Via Thomashawk.com, Tivo has announced a deal with Comcast providing a customized version of their product for Comcast subscribers starting in mid-2006. As has been pointed out, Tivo has been struggling in retail to grow its customer base, and this deal should help grow it's subscriber numbers substantially in its quest to become profitable. Comcast is the biggest cable company in the US, so if the terms are favorable, this will mean a lot to the future of the company.
The undisclosed details of the deal make all the difference in how this deal will impact Tivo long term and Tivo certainly wasn't in the best negotiating position, but any deal is good news to the company in the short term. With all the negative attention focused on Tivo in the last few months, this deal will certainly help convince wary DVR purchasers that Tivo is here to stay, and that can only help sales moving forward. What a difference a day makes!
March 14, 2005
Rebuttal to the Tivo Deathwatch
Megazone makes many valid points about Tivo. It would be a mistake to strictly look at last quarter with Tivo's $33M loss and $120M or so in the bank, and assume there will be a huge crator in Alviso 9 months or so from now. They undoubtedly will cut back their costs to help with their cash flow and a successful launch of a Cablecard product would help address their lack of HDTV offerings. They have time to change course.
I would quibble with the idea that Tivo is running an "operating profit" at this point and could be profitable if they wanted. Their service revenue is growing and runs on nice margins, but it can't be sustainable without selling more hardware, and the costs associated with the hardware business remains expensive. According to my back of the envelope calculations, every $1 that Tivo receives from the sale of hardware costs them $1.54. That's up from $1.21 a year ago. It will be interesting to see how that ratio will be effected with a standalone cablecard product. If the cost to add cablecard is low and Tivo can demand a premium for a standalone HDTV product, the hardware cost ratios will surely change to Tivo's benefit.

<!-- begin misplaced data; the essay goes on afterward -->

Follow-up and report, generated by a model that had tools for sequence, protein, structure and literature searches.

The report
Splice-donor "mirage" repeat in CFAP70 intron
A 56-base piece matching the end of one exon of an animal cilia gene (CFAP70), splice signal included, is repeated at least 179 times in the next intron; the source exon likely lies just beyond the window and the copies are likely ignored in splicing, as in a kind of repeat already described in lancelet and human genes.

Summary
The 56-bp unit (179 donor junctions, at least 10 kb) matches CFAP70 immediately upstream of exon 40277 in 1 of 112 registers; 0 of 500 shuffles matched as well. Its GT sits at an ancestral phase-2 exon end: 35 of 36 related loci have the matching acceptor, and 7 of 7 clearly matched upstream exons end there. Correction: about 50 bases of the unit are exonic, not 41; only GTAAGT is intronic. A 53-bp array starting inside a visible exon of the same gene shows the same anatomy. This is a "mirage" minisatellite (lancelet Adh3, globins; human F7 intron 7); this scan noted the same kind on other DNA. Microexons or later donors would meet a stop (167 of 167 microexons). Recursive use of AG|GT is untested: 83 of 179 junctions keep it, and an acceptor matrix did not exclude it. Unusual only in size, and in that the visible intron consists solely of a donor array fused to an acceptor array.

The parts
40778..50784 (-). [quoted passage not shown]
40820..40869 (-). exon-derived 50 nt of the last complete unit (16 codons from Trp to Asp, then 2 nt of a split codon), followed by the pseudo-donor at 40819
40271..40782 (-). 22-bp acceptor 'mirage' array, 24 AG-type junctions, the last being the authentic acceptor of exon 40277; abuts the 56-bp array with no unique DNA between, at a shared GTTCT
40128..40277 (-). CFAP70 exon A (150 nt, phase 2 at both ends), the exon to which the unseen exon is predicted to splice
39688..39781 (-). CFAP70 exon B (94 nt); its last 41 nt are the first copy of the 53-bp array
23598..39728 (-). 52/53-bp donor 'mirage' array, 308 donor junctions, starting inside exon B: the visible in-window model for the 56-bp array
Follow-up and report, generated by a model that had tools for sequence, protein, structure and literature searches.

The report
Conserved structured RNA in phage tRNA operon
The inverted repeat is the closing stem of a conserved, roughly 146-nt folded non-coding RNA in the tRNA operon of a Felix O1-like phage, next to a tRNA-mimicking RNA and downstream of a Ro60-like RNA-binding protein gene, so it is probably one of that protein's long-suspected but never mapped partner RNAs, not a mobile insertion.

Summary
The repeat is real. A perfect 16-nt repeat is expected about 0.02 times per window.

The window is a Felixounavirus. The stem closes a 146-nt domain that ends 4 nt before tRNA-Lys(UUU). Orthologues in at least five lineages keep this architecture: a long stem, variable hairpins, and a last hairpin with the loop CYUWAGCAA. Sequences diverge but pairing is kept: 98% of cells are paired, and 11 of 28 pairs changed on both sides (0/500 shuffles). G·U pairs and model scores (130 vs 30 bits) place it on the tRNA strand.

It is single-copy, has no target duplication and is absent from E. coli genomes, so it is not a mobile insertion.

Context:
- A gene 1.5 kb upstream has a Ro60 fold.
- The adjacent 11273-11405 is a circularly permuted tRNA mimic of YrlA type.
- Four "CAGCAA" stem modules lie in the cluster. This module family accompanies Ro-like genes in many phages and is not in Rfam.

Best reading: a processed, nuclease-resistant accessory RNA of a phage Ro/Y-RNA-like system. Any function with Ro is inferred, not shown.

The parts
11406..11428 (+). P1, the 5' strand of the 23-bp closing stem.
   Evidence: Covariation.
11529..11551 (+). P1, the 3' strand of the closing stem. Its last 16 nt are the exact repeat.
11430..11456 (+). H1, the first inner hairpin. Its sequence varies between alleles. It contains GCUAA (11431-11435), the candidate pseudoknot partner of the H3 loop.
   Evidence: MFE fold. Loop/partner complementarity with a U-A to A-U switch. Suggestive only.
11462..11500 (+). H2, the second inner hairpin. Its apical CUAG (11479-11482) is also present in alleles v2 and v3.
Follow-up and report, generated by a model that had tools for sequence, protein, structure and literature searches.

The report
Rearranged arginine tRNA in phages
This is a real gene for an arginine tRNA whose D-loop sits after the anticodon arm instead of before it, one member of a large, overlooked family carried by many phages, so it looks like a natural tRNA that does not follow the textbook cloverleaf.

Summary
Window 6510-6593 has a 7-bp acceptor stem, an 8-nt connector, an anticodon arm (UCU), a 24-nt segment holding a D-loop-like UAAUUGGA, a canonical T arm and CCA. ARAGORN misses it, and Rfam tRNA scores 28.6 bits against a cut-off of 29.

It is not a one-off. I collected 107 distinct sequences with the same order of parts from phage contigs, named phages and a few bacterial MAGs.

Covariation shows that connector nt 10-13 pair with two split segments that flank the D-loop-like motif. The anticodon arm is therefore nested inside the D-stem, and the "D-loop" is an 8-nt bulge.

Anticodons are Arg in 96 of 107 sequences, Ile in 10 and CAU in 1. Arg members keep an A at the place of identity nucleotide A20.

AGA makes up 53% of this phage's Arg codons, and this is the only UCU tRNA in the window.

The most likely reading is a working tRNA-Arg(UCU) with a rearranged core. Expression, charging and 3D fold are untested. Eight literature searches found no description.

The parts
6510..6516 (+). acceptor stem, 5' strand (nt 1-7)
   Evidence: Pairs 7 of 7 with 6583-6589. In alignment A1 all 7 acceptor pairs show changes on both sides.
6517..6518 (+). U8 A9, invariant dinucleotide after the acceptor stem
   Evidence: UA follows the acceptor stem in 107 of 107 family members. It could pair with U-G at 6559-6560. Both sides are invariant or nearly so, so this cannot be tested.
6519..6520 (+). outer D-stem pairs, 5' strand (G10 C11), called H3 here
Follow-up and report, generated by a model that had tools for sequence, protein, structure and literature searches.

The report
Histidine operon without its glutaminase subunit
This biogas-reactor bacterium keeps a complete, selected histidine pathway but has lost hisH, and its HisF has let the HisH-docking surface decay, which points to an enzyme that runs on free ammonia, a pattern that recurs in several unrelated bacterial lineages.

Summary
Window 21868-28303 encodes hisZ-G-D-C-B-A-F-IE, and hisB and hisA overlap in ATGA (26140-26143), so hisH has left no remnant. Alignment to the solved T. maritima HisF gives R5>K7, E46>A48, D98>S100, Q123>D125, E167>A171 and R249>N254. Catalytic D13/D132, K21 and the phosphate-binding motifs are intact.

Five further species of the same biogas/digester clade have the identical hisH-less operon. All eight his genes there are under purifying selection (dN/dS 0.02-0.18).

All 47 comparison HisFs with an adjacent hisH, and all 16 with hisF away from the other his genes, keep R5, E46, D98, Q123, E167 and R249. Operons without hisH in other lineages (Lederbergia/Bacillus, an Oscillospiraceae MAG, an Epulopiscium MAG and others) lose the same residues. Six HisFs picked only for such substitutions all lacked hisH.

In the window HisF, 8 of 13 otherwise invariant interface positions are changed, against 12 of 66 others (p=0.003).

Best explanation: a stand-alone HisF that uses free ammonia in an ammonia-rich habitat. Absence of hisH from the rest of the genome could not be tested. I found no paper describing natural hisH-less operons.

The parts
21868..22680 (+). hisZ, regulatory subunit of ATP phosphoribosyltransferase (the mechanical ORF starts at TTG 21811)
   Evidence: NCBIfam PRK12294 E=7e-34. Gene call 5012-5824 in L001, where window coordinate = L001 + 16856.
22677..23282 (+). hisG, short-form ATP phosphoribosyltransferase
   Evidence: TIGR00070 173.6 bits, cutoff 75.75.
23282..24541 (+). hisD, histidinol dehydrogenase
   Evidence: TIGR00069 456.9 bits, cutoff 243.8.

Megazone makes the point that most people don't own an HDTV yet. That's true, but I'd hazard a guess that HDTV owners are more likely to be DVR owners, and up until Tivo has a HDTV offering, there will be a certain abandon rate of existing Tivo owners who purchase an HDTV, as well as an impact on future Tivo sales from people looking for a DVR who already own a HDTV. The lack of a HDTV offering doesn't mean the imminent death of Tivo, but it certainly has a negative effect on its business.
The biggest positive impact for Tivo will be if their patents hold up in court. If they do have some court victories on broad technology patents and make it difficult for new and existing competitors, the calculus for Tivo changes dramatically. If they are easily circumvented, court victories will be short lived.
Without patent protection, Tivo's competitors will continue to improve upon their products, and NDS, Motorola, Scientific Atlanta, and Microsoft are all big enough that they can continue to spend research and development dollars to continue to innovate. The first to market advantage Tivo had in the beginning has been all but eroded at this point; the question really is whether Tivo can continue to stay ahead on the innovation curve.
At the end of the day, Tivo has some big problems facing it on the way to profitability and growth. Megazone reminds us that Tivo is still paying its electricity bills and will be for some time. Tivo has the time and resources to make changes to be a successful company; the hard part is figuring out what changes to make.
March 11, 2005
Tivo Branded Experience on PC?
The Tivo earnings conference call generated a lot of buzz around the web based on some statements CEO Mike Ramsey said during the call. Here are Thomas Hawk's notes on the subject:
Deliver a TiVo branded experience on the PC. Wow. This is huge. Although there are over 3 million TiVo units out there right now (about a million with broadband connection) there are vastly, vastly more PCs out there. "This platform (PC) is playing an increasing role in the management of home entertainment and TiVo intends to offer applications and services that capitalize on the PCs unique power and network capabilities as well as it's enormous reach and scale of install base," said Ramsay.
I have suggested in the past that TiVo needs to offer a software solution to run on the PC. They did not elaborate on what form this "TiVo branded PC experience" might take. Could this be a possible competitor to Microsoft's Media Center PC? Might TiVo begin to sell a stand-alone software package that could be installed on a PC with a TV tuner card?